The standard way of doing this is by creating cuts where you switch to a slightly zoomed-in shot for a few seconds and then come back to the original shot. Here’s an example from our own channel:
Alternatively, you can also add B-rolls and breaker slides to the video to help viewers visualize what you’re talking about.
Adding a B-roll
The A-roll constitutes the primary audio and video in the footage and is the part where the main storytelling occurs. It includes the dialogues, interviews, and scenes that further the story.
B-rolls, on the other hand, are supplementary footage that’s secondary to the main footage or the A-roll. It’s used to cut to a clip showcasing what you are actually talking about instead of the video always showcasing your talking head in the frame.
For example, in an explainer video, shots of the speaker and their dialogues would constitute an A-roll video while B-rolls would be shots of the concept they’re explaining.
You can upload your own B-roll footage by clicking on the Upload tab in the left hand side menu.
Or you can search for the stock footage you need within our in-built media library that comes with more than 8M royalty-free stock images and video clips.
Once you’ve added the first scene to the canvas, here’s how you add a B-roll:
Step 1: Go to the “Videos” bar and search for relevant clips.
Step 2: Once you’ve found the perfect clip, drag and drop it over the scene you’d like to overlay.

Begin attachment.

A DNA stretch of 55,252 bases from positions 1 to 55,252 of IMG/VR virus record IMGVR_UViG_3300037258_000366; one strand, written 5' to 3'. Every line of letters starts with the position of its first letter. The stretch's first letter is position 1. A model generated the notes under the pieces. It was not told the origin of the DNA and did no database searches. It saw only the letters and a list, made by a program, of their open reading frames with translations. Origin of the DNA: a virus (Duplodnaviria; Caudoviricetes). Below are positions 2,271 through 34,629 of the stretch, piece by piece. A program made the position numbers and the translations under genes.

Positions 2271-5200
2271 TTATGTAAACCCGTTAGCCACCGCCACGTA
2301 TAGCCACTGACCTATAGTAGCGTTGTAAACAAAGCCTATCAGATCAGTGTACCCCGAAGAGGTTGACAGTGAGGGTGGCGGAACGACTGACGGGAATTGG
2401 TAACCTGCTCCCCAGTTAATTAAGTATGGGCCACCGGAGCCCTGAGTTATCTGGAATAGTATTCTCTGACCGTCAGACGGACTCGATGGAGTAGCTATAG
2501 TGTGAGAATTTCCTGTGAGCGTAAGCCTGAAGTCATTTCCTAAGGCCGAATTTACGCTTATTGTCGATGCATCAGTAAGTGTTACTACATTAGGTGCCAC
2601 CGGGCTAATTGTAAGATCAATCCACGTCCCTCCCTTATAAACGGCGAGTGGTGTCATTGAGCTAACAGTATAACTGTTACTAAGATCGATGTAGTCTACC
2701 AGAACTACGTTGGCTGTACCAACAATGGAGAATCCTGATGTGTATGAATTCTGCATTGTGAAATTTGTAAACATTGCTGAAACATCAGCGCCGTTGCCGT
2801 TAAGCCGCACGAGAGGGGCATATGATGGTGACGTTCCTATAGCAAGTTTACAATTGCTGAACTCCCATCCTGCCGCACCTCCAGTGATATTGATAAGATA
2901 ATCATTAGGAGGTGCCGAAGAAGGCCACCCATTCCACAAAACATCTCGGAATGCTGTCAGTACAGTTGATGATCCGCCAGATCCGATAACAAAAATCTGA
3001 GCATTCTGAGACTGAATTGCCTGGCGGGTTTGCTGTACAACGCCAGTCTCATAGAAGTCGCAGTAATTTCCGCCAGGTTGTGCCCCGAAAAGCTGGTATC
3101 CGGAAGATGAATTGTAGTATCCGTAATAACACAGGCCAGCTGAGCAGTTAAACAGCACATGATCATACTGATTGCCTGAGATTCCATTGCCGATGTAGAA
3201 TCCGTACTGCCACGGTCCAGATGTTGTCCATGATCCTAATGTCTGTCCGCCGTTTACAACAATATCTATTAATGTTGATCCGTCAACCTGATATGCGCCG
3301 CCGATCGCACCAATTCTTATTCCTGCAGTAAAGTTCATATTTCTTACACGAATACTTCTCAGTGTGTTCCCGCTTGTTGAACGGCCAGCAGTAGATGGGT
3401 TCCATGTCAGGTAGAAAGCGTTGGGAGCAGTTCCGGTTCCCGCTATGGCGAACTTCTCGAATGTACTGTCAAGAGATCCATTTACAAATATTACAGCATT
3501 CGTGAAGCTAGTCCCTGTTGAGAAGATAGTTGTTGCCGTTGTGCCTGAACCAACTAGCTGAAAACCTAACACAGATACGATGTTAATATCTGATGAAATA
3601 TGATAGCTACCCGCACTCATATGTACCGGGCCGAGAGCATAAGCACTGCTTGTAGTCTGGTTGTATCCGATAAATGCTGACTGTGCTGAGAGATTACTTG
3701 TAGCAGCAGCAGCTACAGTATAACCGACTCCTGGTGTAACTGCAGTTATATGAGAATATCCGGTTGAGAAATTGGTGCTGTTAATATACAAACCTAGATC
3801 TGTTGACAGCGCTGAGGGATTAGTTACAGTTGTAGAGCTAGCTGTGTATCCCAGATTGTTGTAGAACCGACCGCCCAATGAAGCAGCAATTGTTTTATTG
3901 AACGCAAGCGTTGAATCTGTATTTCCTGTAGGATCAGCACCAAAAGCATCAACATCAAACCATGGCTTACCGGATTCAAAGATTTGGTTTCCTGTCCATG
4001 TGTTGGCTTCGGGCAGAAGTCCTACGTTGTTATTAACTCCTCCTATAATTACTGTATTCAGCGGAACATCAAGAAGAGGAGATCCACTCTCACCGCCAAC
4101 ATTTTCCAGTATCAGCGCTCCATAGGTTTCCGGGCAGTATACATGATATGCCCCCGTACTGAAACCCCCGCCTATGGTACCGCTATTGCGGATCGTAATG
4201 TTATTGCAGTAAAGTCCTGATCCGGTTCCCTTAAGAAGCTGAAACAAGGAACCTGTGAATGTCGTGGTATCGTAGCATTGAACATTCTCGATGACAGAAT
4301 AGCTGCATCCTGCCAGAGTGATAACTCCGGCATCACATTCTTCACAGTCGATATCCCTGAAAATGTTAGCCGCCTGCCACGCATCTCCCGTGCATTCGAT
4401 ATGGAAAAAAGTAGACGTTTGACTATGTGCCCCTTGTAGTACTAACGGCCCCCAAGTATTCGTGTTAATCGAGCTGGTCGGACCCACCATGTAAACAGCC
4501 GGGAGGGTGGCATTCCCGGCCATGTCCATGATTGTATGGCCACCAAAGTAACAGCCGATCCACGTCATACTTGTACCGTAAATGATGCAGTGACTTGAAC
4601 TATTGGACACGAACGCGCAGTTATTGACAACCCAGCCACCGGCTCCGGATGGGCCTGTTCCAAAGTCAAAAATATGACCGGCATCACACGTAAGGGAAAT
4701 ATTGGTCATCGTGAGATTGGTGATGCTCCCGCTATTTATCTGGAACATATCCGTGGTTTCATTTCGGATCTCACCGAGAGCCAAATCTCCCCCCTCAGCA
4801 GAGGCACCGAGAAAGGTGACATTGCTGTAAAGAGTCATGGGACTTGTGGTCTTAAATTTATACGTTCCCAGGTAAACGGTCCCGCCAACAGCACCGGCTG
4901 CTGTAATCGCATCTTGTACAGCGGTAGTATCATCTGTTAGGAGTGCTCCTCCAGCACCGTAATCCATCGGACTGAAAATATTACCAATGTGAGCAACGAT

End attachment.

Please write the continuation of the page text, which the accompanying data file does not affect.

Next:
Next, a pop up will ask if you want to replace the layer or add the clip as a new layer. Select “Add as a New Layer.”
Step 3: Trim the clip if necessary and press “Done.”
Step 4: Open the “Timeline” so you can see all your assets as separate layers.
Step 5: Move your stock video clip to start from the point you want to introduce your B-roll.
Here’s what your video will look like once you have added B-rolls to your A-roll footage:
You can repeat this process with multiple clips to make your video more appealing.
Breaker slides are used to divide your video into segments so that the audience doesn’t get overwhelmed with information and lose interest in the video. They’re useful to have in long videos and documentaries that are heavy on information.
For instance, a video listicle can be split into parts with breaker slides to help the viewer digest the information more easily.
Here’s how you create a breaker slide with InVideo:
Step 1: First, split the video into two parts at the point where you want to add the breaker slide.
To do this, first upload a video to InVideo. Then, drag and drop the video
Step 2: Select the scene after which you’d like to add the breaker slide and click “Add scene”.
Step 3: Choose a blank template and change the background colour and text to customize it. You can also add animation to the text to make it more appealing.
Repeat the process to add more breaker slides if your video can be divided into more segments so that your audience will know when you are transitioning from one sub-topic to another.
Even the most basic transition like a standard cut should be used in a way that you don’t notice it. So, if you are editing a talking video, keep cuts at the end of the sentence and try to leave out cuts in the middle of the sentence. Otherwise you will end up with a sentence with too many cuts and your video will look like this: